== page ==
Deschutes National Forest
Celebrating more than a century of forest management, the Deschutes National Forest runs along Central Oregon’s Cascades—from the Mount Thielsen Wilderness at its southern tip to the Mount Jefferson Wilderness at the northern point. The Deschutes National Forest encompasses nearly 1.6 million acres, offering year-around recreation opportunities.
During the winter months, a wide-range of snow sports are possible across the forest. You can choose from skiing and snowboarding at world-class Mt. Bachelor Ski Resort or snowshoeing and Nordic skiing at one of our various sno-parks. Maybe waking up with the dawn and skinning up one of our many peaks for the sunrise and some backcountry turns is more your style. Or perhaps you’d prefer to head out to Crescent Lake or Dutchman’s Flat on the back of a snowmobile. You can do all of these things and more when the Deschutes National Forest is blanketed in snow!
And how about those warm, sunny months? Whether you prefer to explore on an ATV, spin through the trees on a mountain bike, take a leisurely ride horseback or hike to the top of the highest peaks, the Deschutes National Forest has something for you. The Deschutes River, and others, offer endless opportunities for whitewater boating, while a large collection of lakes play host to canoes, paddle boards, kayaks and motorized water sports.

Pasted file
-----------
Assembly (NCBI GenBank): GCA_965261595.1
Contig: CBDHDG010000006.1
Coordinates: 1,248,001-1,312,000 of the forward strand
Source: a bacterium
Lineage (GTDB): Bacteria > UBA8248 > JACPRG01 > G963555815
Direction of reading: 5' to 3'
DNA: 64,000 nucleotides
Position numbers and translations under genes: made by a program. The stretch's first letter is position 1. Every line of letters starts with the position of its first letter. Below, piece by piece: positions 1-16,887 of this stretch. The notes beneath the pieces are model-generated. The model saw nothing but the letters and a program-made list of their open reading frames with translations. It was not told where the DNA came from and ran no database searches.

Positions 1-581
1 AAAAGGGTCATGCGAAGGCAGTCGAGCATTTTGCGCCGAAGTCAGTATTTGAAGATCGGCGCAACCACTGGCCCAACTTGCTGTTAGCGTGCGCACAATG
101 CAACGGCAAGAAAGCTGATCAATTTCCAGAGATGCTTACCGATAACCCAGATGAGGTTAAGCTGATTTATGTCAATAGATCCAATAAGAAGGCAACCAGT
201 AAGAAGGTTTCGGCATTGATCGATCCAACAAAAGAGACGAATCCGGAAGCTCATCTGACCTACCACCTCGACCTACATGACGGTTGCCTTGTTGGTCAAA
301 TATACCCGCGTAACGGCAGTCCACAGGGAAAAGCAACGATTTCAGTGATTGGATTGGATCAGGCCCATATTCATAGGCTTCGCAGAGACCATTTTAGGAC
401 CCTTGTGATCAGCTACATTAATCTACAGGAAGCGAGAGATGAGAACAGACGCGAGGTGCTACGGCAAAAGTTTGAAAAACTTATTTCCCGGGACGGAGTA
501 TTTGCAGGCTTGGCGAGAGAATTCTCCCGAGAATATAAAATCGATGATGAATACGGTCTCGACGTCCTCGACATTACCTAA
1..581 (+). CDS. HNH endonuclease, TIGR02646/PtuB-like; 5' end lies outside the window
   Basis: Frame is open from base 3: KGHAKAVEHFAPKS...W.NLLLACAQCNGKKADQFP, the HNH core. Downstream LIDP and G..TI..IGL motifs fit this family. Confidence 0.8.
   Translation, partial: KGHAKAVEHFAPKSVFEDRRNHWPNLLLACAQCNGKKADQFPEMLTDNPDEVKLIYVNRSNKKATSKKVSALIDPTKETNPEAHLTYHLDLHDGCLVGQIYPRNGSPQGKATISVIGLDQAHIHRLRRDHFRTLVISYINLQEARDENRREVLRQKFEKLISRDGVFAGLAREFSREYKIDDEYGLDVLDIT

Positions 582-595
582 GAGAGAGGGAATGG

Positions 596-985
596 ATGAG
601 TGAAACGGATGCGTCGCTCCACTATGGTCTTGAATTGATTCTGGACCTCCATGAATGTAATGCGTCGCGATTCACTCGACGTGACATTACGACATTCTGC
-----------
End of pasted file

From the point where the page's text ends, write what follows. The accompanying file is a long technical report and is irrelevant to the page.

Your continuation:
The Deschutes National Forest is also home to the Newberry National Volcanic Monument, boasting more than 54,000 acres of lakes, lava flows, and spectacular geologic features. The highest point within the Monument is the summit Paulina Peak at 7,985 feet, which showcases views of the Cascades, Newberry Caldera and across the High Desert. No trip to Newberry Volcanic National Monument is complete without a trip to the top of Lava Butte, a cinder cone home to an operating fire lookout at its peak.
Regardless of the season, the Deschutes National Forest has something to offer everyone! Start planning your trip today!
Horseback Riding: http://www.fs.usda.gov/activity/deschutes/recreation/horseriding-camping
Winter Sports: http://www.fs.usda.gov/activity/deschutes/recreation/wintersports
Learn more by reading our 2015-2016 Annual Report here.
In 1908, the Deschutes National Forest was established from parts of the Blue Mountains, Cascade, and Fremont National Forests. In 1911, parts of the Deschutes National Forest were split off to form the Ochoco and Paulina National Forests and parts of the Cascade and Oregon National Forests were added to the Deschutes. In 1915, the lands of the Paulina National Forest were rejoined to the Deschutes National Forest. For more on the history of the Deschutes National Forest check the history section.